8 Ways To Say Sorry In Japanese
1 de octubre de 2018Beatriz Esquivel
If you want to say sorry in Japan, you can use several different words, depending on the context and who you are referring to. Learn some of the words you can use to say sorry in Japanese.
Japanese people don't go around apologizing all the time, but considering they have about 20 ways to say sorry, it looks like this might be a frequent and common situation. Some ways of saying sorry are very formal or part of the old Japanese language. “Gomen-nasai” and “sumimasen” are probably two of the most popular, and anime fans should already know these two.
"Only 10% of the times someone says "sumimasen" it's an actual apology. The rest is used to express respect, politeness, or honesty. It is a very common word in everyday life. When someone does something for you, when you ask someone who's in your way to move, or when someone holds the door for you, “sumimasen” is the common answer,” explains Laurie Inokuma, a Japanese language expert at Cornell University.
In this constant apologizing there is also an element of gratitude, but particularly, respect for others. Japan is a group of islands where the living space is very small, but there is also a long tradition inspired by the full awareness of others, so it is very common to use a term to show that feeling of consideration and empathy with other people.
Some of the other words or phrases that can be used in Japanese to say sorry are “warui warui,” which is very informal and used between friends; “yurushite,” which is a very dramatic way to ask other people for forgiveness; “kanben,” which can be used to ask for pity; “shazai,” which has a more formal usage and indicates that you are sorry for creating a hassle for someone; “owabi,” which is one of the most formal expressions and belongs to old Japanese; and “moushiwake nai” (and its multiple variations, such as “gomen”), which is an extremely formal way of apologizing, used exclusively when referring to someone older or a client, for example.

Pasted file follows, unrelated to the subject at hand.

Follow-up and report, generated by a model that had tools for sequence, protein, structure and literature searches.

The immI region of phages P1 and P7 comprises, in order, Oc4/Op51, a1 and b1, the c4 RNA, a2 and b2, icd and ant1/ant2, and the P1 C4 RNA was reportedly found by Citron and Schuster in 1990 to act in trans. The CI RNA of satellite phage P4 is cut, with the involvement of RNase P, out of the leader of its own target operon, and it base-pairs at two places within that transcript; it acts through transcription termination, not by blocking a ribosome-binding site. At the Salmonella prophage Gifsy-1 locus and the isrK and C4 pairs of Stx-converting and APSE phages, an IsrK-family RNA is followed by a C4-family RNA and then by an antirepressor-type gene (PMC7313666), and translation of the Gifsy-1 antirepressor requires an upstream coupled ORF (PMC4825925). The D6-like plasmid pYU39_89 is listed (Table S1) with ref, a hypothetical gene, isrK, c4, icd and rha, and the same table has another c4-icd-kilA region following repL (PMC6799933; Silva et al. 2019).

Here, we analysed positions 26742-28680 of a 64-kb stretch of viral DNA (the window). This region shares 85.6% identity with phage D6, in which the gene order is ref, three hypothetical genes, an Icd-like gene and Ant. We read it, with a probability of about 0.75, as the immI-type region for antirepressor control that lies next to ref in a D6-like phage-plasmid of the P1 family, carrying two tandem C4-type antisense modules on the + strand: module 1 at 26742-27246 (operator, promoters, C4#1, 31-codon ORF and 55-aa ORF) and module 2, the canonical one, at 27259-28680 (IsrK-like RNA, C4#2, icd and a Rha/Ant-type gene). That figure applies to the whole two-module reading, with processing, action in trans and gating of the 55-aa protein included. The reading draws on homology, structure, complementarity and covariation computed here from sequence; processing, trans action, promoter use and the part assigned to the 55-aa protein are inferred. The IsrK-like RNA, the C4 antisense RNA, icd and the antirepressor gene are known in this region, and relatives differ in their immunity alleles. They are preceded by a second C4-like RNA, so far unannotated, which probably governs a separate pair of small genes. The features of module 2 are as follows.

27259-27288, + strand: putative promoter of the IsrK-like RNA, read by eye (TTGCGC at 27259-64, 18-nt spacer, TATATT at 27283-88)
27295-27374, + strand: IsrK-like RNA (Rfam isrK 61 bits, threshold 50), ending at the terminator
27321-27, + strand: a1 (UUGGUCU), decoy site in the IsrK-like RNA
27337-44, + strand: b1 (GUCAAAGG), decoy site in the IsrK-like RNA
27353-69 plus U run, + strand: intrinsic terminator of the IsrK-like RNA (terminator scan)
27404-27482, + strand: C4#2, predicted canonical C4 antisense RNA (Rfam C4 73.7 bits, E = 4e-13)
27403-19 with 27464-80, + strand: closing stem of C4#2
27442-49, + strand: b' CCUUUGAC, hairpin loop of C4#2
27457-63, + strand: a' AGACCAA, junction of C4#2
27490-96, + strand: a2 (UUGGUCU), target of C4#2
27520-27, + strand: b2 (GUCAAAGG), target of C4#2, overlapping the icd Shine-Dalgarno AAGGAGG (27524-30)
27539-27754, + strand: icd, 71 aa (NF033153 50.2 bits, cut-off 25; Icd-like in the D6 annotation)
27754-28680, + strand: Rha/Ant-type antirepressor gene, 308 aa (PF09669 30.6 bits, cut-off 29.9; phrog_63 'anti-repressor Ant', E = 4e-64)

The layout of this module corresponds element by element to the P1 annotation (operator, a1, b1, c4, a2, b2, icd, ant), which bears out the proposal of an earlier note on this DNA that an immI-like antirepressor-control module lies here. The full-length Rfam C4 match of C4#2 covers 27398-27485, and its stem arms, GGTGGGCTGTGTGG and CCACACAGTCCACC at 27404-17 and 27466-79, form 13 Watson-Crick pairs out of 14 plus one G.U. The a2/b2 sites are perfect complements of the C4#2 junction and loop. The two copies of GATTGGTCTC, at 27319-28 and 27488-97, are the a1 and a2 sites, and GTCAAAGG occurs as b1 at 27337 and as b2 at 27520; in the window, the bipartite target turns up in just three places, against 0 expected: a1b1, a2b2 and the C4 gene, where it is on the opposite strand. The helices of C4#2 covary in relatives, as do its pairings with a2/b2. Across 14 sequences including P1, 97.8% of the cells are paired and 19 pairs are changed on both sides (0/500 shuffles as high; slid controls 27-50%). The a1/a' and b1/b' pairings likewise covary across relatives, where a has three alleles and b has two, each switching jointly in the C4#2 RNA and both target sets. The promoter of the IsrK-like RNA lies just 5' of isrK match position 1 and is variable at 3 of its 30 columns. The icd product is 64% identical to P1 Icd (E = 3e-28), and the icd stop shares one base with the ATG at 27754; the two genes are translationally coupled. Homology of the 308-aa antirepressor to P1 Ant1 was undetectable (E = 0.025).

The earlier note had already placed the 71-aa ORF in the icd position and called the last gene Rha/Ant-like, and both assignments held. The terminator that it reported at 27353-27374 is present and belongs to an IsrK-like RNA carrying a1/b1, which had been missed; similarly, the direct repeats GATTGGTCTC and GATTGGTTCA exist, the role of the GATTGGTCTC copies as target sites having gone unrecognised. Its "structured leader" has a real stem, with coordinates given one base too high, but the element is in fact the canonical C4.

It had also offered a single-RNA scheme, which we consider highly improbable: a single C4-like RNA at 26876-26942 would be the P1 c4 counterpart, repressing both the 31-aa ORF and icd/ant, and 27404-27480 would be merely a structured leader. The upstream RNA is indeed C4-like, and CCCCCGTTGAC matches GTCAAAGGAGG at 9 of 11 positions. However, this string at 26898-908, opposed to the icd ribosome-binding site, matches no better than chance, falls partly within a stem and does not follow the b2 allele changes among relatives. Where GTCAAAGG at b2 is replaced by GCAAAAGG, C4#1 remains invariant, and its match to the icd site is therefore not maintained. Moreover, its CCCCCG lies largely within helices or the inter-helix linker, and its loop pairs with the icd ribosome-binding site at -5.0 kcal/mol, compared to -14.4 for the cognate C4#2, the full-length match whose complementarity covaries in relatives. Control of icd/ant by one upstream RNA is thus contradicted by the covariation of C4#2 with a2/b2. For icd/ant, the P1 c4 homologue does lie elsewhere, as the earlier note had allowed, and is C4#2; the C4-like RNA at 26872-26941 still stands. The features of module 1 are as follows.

This way of giving many meanings to a word doesn’t only happen in Japanese. In English or in Spanish, when you want to express gratitude or be polite when someone offers you something you don’t want (like a brochure on the street), the common response would be “thank you.” This is a way to soften the negative answer with a thankful expression, but it might also be related to the fear of saying “no,” more than the need to be respectful to others, as in the case of the Japanese. In the end, these word tricks happen in every language and are a reflection of the culture of a country or region.
Can you think of another example?
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